Mental health therapists help their clients with overcoming mental and emotional challenges to improve their lives. They must earn a bachelor's degree and master's degree in counseling. State-mandated licensure is also required, and certification is available.
Mental health therapists provide a variety of services depending on their sub-specialty. They work with individuals who have mental disorders, addictions and barriers to employment. Formal education, including a graduate degree, is required, as is licensure in almost all cases.
|Required Education||Bachelor's degree; master's degree in counseling|
|Other Requirements||Licensure required in most states; certification required for licensure in some states; certification available through the National Board for Certified Counselors (NBCC)|
|Projected Job Growth (2018-2028)||22% for mental health counselors*|
|Median Salary (2018)||$44,630 for mental health counselors*|
Sources: *U.S. Bureau of Labor Statistics
Educational Requirements for a Mental Health Therapist
Mental health therapists often begin a career by earning a bachelor's degree in psychology, although other fields of study are also acceptable. Coursework in a 4-year baccalaureate psychology degree program may focus on introductory psychology, developmental psychology, applied psychology, research methods, statistics and intervention methods. Graduates may then go on to earn a relevant master's degree.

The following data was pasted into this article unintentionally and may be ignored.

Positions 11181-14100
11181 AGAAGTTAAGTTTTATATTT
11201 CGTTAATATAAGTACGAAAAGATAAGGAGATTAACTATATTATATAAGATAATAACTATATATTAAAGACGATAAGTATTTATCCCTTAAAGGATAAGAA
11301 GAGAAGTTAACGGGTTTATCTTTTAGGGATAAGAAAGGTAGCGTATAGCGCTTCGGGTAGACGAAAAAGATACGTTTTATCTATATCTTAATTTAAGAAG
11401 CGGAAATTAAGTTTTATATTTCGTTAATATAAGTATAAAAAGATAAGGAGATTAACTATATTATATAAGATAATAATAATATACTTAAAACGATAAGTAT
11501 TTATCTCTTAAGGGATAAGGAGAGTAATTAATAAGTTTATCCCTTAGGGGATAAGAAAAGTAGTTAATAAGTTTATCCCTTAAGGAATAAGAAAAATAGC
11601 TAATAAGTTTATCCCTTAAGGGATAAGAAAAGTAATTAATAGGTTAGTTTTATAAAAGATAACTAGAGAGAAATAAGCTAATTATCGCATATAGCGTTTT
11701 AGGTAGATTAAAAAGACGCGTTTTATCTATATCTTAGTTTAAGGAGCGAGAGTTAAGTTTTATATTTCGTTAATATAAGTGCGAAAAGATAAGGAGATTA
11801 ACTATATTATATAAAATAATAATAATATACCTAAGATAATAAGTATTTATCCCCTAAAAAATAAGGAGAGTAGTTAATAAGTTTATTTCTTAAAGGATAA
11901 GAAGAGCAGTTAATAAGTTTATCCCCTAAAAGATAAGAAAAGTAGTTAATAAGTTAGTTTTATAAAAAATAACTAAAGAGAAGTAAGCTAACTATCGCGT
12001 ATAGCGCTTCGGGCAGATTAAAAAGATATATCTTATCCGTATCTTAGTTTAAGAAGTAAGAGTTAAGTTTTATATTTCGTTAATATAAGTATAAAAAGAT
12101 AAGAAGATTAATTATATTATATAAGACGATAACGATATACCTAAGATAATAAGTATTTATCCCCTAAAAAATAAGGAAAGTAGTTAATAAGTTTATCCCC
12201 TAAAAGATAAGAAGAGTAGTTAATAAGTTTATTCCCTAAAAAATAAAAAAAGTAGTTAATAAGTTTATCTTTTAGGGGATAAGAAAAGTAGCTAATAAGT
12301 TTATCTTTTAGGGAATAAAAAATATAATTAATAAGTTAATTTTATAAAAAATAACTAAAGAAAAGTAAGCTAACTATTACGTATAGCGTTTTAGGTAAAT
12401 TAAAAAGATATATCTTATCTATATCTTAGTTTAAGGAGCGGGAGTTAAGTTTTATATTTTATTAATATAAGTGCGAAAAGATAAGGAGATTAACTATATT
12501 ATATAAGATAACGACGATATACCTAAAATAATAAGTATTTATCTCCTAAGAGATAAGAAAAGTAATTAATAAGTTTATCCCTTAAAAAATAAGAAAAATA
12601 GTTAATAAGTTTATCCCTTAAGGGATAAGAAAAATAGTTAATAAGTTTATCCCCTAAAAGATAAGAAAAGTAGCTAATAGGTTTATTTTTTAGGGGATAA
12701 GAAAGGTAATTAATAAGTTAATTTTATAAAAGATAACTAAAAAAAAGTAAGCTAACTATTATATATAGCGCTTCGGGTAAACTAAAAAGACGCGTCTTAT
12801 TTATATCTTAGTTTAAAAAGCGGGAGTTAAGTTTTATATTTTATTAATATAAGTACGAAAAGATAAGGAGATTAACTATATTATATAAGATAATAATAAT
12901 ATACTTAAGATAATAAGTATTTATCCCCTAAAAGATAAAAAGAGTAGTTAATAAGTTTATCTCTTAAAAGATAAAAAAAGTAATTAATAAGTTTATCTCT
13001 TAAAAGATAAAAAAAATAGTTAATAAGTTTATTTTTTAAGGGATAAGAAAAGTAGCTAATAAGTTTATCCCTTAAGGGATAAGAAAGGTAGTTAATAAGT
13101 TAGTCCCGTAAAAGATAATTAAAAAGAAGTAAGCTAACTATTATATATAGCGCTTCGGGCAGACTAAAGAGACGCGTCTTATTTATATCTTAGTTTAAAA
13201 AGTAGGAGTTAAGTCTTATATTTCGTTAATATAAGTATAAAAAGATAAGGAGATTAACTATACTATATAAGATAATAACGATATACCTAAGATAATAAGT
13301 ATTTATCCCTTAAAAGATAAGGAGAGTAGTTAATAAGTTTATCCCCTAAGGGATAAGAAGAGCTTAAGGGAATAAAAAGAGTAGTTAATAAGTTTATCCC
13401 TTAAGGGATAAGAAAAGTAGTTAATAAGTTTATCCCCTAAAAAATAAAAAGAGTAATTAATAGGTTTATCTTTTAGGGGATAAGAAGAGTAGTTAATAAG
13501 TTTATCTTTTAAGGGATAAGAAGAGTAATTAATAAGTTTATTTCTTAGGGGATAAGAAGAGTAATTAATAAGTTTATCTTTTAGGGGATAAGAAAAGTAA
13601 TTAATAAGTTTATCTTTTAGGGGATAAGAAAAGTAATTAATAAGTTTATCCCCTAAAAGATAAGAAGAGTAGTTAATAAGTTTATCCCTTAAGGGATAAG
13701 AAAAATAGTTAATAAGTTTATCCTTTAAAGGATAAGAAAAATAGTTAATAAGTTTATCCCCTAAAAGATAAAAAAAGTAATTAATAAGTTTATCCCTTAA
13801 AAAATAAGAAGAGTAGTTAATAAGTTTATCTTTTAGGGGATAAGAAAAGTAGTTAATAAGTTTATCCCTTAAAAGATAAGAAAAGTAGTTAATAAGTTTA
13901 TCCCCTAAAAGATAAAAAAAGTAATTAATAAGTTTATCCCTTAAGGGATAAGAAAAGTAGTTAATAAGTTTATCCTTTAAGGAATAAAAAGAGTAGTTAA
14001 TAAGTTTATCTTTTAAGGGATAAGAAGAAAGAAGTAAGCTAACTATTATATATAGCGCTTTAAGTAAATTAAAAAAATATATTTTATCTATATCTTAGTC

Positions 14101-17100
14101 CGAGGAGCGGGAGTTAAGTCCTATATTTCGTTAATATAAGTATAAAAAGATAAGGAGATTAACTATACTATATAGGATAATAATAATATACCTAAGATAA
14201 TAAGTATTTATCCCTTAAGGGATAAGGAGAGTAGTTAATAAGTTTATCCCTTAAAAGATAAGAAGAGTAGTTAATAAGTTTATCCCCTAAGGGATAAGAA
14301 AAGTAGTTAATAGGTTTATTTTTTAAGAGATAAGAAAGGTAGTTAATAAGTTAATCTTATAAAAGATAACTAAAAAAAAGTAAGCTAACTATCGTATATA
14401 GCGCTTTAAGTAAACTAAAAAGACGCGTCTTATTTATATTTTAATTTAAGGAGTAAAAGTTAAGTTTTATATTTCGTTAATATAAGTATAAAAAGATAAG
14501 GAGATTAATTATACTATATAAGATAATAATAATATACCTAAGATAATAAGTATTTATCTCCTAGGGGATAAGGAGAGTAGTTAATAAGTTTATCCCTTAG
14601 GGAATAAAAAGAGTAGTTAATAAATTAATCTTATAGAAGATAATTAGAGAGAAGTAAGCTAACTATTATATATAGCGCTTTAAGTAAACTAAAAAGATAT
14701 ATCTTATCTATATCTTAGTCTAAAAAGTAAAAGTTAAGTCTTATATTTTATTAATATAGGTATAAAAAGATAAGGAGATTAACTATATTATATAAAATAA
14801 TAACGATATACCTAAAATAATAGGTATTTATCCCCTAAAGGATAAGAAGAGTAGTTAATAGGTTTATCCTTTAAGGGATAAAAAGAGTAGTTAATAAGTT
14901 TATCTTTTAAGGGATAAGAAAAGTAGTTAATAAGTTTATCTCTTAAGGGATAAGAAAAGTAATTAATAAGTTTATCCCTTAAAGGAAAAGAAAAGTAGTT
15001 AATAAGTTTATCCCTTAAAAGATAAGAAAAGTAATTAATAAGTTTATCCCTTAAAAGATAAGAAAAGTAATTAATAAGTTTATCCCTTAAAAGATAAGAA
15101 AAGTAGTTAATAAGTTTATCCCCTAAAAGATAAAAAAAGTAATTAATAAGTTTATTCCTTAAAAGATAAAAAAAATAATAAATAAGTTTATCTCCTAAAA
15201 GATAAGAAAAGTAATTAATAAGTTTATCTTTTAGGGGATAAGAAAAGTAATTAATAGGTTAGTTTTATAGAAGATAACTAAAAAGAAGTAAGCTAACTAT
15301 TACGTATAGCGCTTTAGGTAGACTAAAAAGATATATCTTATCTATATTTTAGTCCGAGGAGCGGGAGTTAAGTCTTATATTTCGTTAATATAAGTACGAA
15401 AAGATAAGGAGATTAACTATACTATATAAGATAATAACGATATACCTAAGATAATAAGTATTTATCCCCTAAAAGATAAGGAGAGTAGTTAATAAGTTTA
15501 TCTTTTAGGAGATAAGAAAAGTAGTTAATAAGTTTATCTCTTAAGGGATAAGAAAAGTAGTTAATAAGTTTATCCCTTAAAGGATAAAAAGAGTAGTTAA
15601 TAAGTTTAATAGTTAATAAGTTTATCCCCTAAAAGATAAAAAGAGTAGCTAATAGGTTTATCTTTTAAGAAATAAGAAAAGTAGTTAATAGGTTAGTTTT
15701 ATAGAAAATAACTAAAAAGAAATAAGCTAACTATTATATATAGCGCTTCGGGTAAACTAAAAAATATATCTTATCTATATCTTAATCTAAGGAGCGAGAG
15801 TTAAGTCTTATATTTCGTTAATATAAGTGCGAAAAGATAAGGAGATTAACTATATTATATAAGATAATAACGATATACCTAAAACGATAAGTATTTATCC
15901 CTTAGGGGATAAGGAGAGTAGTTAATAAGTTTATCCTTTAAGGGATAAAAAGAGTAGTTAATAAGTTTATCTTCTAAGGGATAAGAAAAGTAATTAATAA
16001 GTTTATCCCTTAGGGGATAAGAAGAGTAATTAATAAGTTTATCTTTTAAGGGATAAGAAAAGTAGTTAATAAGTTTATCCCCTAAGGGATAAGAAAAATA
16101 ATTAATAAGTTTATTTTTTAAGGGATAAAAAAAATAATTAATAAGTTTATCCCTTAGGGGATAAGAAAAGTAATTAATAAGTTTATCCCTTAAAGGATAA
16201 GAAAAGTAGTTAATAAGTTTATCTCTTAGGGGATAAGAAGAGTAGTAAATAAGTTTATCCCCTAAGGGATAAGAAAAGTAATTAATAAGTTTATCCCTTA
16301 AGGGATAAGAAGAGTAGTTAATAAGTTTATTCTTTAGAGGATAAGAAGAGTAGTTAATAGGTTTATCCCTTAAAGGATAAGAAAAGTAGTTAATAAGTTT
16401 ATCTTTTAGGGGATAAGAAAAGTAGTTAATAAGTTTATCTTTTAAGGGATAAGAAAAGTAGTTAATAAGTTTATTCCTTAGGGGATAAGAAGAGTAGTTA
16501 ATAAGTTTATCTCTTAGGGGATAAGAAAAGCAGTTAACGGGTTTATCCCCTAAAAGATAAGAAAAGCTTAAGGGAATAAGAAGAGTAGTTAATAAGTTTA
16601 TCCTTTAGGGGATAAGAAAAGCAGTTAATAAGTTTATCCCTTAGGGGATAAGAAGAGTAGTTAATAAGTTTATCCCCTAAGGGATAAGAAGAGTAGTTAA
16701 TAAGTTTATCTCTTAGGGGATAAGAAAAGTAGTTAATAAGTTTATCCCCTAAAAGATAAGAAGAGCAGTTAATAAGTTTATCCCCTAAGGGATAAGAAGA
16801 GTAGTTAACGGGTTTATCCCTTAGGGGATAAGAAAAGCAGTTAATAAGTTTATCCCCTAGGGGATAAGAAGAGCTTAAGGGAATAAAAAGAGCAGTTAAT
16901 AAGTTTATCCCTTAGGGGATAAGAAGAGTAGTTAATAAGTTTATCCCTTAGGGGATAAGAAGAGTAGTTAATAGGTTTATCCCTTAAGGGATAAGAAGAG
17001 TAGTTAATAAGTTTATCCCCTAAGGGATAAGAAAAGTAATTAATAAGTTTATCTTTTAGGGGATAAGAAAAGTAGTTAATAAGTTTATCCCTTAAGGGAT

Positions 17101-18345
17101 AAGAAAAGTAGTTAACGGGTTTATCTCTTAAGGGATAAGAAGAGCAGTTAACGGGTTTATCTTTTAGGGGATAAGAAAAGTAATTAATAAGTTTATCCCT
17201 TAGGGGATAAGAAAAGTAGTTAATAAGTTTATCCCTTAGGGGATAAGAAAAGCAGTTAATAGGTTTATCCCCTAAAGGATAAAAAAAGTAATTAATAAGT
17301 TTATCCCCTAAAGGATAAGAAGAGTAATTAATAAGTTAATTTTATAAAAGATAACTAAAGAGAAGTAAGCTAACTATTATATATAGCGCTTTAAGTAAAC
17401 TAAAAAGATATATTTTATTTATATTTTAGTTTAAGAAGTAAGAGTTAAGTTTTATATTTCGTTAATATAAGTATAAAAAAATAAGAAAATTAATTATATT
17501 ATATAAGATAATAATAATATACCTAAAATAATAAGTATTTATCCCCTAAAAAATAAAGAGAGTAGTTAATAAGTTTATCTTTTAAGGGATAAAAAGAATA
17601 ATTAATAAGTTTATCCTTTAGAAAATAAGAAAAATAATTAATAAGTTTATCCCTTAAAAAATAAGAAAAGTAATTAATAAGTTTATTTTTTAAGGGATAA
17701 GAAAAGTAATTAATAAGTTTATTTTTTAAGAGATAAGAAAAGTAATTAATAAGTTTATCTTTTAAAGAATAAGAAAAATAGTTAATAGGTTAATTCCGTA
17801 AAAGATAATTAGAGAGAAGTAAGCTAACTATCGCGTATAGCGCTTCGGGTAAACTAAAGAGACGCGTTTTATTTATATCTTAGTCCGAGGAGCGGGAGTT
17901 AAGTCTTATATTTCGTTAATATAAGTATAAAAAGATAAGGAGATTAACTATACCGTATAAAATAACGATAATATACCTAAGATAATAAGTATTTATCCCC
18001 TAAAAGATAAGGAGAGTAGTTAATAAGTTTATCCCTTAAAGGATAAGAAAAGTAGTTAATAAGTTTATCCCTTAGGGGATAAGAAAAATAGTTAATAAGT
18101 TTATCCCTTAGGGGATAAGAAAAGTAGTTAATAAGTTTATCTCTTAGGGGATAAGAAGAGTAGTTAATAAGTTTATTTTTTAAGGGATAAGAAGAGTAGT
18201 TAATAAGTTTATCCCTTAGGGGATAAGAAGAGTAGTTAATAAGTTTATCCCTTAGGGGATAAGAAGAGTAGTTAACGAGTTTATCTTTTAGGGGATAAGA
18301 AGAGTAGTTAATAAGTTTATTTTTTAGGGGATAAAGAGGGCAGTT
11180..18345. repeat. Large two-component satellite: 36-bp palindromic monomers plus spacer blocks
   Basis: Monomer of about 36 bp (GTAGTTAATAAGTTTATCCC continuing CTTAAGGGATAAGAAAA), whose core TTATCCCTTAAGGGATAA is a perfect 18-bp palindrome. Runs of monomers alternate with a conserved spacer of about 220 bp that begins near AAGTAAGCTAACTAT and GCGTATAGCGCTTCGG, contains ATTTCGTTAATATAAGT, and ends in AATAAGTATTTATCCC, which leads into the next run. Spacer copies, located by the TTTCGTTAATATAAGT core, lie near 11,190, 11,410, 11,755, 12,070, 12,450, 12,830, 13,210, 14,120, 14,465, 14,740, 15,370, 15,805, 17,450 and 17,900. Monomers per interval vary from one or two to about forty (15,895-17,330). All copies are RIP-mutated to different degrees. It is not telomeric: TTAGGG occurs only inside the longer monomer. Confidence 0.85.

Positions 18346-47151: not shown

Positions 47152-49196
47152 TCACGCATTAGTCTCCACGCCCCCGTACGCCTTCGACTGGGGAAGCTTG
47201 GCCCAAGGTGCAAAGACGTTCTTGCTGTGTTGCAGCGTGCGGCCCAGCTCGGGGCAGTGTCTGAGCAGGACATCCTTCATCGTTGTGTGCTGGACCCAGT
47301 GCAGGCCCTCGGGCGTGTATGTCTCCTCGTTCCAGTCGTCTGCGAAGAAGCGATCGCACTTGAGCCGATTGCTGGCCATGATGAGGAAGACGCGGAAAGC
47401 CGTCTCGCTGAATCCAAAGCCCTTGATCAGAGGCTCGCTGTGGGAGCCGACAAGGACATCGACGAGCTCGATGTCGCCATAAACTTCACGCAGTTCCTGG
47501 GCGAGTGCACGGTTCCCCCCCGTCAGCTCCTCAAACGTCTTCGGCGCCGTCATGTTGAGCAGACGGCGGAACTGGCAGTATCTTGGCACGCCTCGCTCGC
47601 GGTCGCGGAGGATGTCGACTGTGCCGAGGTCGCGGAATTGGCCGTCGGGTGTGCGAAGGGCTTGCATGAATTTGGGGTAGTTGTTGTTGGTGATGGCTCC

Master's Degree in Counseling
A master's degree is required to sit for the National Board for Certified Counselors (NBCC) certification exam. Coursework at this level may cover human development, group counseling, research methods, life planning, career development, psychodiagnostics, marriage counseling, family counseling and addiction disorders. Clinical experience is typically built into the curriculum, which may take 2-3 years to complete. Specialties may include behavioral development, school counseling, community mental health or family therapy. Programs must be accredited by the Council for the Accreditation of Counseling and Related Educational Programs (CACREP).
Employment opportunities for mental health counselors are expected to increase much faster than national average through 2028. According to the U.S. Bureau of Labor Statistics (BLS), growth will be driven by increased knowledge of addictions and mental illnesses (BLS, www.bls.gov). In May 2018, the BLS reported that professionals in the 90th percentile or higher earned $72,990 or more per year, whereas the bottom 10th percentile earned $28,240 or less per year. Counselors working for junior colleges made the most money, averaging $63,760 a year.
Certification and Licensure
Although certification may not be required in some states, earning this voluntary award proves skills and development in counseling and may enhance employability. Certification may also be a requirement for licensure in some states, according to the NBCC. Therapists working in a public school are required to have a state school counseling certificate according to the BLS.
Licensure requirements vary by state, but generally require earning a graduate-level degree, completing a fixed amount of training hours and then pursuing continued education. A license is required of therapists working in a non-school clinical setting in 49 states and the District of Columbia. Licensure is required by all 50 states and the District of Columbia for marriage counselors and family therapists.
Mental health therapists diagnose and treat mental and emotional disorders to assist their clients with living better lives. They encourage their clients to discuss their emotions and guide them through strategies to change their behavior. To work in this rapidly-growing field, mental health therapists are required to obtain a bachelor's degree, master's degree in counseling, licensing, and possibly certification.